New ‘early conciliation’ service from ACAS to be launched in 2014

Posted on Aug 21st, 2013 | Employment law

There were several changes to the Employment Tribunal processes in 2013, which we’ve highlighted here.

The ‘Early Conciliation’ service is another important change to the way people access the Employment Tribunal system. It’ll mean that anyone who wants to lodge an employment tribunal claim will have to notify ACAS first and will have up to a month to attempt to resolve the dispute with their Employer (before lodging the claim) with ACAS’s help. If ACAS can’t resolve the matter in this period, their services will remain available right up until the case is heard by an Employment Tribunal.

BIS (the Department for Business, Innovation and Skills) asked ACAS to provide this new service due to the success of a similar voluntary ACAS service called Pre-Claim Conciliation (PCC).

A study published in July 2013 about the PCC showed positive results with employers and employees benefiting from early intervention into workplace disputes. The PCC uses Early Conciliation Support Officers to run their mediation services. The same type of officers (called ECSO’s) will be used for the new service.

Highlights of the study included:

  • 9/10 employers who had used PCC said they’d use it again
  • Two thirds of employees would advise a friend or relative to use PCC if they were in a similar situation
  • 8/10 users said ACAS was important in helping to resolve their dispute
  • Users said the PCC was cheaper, easier or more convenient and less traumatic/stressful, resolved their issue more quickly than submitting an employment tribunal claim.

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ACAS said that in 2012/13 the PCC service helped resolve over 22,000 workplace disputes and that “we know from independent research into PCC that when staff, management time and legal costs are factored in, employers save on average £2,700 compared to resolving a dispute once an Employment Tribunal claim has been made.”

ACAS added:

“Our role is to help find a solution that both parties find acceptable instead of going to a tribunal hearing. We don’t impose solutions, but try to help you settle your differences on your own terms. This process is known as conciliation. It’s essentially the same process as mediation, but conciliation is the term that tends to be used if an employee is making a specific complaint against their employer.”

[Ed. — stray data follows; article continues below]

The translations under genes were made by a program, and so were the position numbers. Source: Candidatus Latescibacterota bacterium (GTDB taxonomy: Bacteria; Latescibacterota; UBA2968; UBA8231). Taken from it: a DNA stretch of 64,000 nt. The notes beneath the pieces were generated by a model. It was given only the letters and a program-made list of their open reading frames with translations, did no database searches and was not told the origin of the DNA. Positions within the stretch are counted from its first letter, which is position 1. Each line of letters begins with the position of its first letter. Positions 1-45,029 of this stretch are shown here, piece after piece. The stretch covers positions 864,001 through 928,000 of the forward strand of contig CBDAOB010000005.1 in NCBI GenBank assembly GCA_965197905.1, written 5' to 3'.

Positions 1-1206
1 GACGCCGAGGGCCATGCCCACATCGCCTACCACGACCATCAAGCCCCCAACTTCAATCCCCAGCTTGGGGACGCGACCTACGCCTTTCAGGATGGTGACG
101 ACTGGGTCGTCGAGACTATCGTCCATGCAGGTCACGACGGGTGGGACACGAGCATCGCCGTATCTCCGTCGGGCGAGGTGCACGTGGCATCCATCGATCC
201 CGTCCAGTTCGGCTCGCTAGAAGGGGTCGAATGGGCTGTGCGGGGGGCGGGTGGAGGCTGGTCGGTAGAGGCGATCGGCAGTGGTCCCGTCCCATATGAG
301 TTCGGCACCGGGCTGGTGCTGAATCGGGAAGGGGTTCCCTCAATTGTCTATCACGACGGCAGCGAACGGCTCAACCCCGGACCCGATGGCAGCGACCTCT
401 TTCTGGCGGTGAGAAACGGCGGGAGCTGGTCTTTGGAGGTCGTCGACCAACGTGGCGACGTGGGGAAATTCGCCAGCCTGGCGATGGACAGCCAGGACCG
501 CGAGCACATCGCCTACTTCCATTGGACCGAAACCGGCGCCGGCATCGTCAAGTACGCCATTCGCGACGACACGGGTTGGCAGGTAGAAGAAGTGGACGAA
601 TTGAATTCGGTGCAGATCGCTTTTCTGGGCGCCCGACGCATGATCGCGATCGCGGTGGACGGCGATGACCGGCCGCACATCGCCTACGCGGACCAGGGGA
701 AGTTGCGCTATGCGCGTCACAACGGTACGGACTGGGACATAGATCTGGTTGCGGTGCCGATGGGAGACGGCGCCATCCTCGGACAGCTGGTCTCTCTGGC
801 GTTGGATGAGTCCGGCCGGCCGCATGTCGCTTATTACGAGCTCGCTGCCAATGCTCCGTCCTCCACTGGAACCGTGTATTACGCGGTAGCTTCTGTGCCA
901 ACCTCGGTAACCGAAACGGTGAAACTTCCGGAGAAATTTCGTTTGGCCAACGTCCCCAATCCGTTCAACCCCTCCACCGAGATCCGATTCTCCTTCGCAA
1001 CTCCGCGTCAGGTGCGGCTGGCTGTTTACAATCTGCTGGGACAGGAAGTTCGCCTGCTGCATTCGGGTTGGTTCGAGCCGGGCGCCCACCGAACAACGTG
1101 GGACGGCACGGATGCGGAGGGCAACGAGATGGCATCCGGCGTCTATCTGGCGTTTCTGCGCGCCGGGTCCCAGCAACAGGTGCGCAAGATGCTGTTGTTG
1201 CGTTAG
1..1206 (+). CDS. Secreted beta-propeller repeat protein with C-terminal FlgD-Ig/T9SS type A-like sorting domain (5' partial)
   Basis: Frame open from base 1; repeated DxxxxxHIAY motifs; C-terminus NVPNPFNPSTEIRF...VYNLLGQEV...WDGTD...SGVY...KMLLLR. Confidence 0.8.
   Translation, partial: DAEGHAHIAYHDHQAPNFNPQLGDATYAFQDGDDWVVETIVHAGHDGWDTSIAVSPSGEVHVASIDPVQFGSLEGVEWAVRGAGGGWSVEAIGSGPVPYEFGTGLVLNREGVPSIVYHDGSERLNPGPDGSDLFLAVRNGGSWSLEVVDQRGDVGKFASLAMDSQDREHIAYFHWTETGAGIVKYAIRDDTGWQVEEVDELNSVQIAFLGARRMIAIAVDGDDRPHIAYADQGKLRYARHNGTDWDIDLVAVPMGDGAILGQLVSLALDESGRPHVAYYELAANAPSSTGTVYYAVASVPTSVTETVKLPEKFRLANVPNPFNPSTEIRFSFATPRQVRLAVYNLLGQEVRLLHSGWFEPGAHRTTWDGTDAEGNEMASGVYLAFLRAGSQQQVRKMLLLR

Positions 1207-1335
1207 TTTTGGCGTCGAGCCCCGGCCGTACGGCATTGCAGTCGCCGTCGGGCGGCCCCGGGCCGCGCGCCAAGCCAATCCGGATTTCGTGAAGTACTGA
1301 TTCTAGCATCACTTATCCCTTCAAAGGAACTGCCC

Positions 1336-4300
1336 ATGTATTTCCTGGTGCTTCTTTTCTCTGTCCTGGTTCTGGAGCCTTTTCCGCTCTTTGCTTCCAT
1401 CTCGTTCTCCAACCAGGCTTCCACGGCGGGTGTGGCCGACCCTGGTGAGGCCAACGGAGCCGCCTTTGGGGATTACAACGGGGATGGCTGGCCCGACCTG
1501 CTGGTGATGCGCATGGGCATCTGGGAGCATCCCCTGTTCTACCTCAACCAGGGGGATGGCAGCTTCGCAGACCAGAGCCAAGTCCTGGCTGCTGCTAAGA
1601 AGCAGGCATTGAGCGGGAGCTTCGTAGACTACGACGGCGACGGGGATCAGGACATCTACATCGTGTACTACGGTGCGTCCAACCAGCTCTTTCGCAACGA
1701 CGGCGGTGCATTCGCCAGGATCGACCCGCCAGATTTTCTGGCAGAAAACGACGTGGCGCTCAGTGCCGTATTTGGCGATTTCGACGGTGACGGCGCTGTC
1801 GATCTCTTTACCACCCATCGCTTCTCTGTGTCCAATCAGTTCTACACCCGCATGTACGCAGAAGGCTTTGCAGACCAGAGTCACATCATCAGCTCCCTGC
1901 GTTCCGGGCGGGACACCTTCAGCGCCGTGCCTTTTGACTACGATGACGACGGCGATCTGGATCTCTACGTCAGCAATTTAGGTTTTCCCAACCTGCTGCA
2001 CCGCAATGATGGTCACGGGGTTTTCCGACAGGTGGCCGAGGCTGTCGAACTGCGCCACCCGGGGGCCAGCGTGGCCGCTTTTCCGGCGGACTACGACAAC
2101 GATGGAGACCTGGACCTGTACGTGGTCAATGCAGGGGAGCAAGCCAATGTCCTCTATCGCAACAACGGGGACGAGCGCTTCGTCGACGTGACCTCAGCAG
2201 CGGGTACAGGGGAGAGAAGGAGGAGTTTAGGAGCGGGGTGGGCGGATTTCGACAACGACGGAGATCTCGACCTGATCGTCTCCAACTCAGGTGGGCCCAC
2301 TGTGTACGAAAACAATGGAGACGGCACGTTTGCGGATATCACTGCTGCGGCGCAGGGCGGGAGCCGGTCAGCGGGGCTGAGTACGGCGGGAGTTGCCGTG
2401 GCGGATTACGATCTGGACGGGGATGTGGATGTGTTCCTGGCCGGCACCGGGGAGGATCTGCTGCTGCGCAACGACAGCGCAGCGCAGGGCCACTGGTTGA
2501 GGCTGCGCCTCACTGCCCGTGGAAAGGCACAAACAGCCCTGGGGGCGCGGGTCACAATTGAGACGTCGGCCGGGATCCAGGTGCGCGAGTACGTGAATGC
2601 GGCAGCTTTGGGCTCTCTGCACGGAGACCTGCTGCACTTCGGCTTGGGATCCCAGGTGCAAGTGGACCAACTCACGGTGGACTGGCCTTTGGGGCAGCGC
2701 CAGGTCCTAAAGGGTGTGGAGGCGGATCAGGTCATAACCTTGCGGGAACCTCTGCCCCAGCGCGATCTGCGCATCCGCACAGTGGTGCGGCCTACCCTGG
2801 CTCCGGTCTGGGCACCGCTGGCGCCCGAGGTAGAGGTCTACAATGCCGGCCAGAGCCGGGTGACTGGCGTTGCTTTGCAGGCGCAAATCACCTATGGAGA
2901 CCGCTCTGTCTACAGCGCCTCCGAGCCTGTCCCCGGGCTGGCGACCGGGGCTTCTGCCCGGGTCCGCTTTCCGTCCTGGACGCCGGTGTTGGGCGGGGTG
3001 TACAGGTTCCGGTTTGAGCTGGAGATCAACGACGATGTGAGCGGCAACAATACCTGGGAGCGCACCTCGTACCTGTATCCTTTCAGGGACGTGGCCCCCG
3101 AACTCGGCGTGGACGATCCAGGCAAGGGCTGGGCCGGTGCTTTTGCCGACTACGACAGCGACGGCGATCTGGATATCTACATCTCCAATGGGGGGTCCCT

The current PCC service is, and the Early Conciliation service will be, free to use. ACAS has a legal duty to offer free conciliation where a complaint about employment rights has been made to an Employment Tribunal, and a power to provide conciliation where a claim could be made, but hasn’t yet been so.

The current and new service will be independent, as ACAS are not part of the Employment Tribunal Service. The service doesn’t delay the tribunal process, nor can it be used as evidence at a tribunal hearing, as it’s completely confidential.

The Early Conciliation Support Officers make initial contact with people making a claim and gather information that’s then passed onto ACAS conciliators. A study into these Officers in three regional offices found that:

  • 9/10 claimants felt that ECSO’s were good at explaining the PCC process
  • 7/10 said their ECSO was very important in making their decision to take part in PCC.

Currently, the pre-claim conciliation services can be requested by calling the Acas helpline on 08457 47 47 47, and more details of the service are here. More details about ACAS conciliation are here.

If you are an Employer and need ongoing professional help with any staff/freelance issues then talk to us at The HR Kiosk (click here) – a Human Resources Consultancy for small businesses – you can hire us for as much time as you need.

Please note that the advice given on this website and by our Advisors is guidance only and cannot be taken as an authoritative or current interpretation of the law. It can also not be seen as specific advice for individual cases. Please also note that there are differences in legislation in Northern Ireland.


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Written by Lesley Furber

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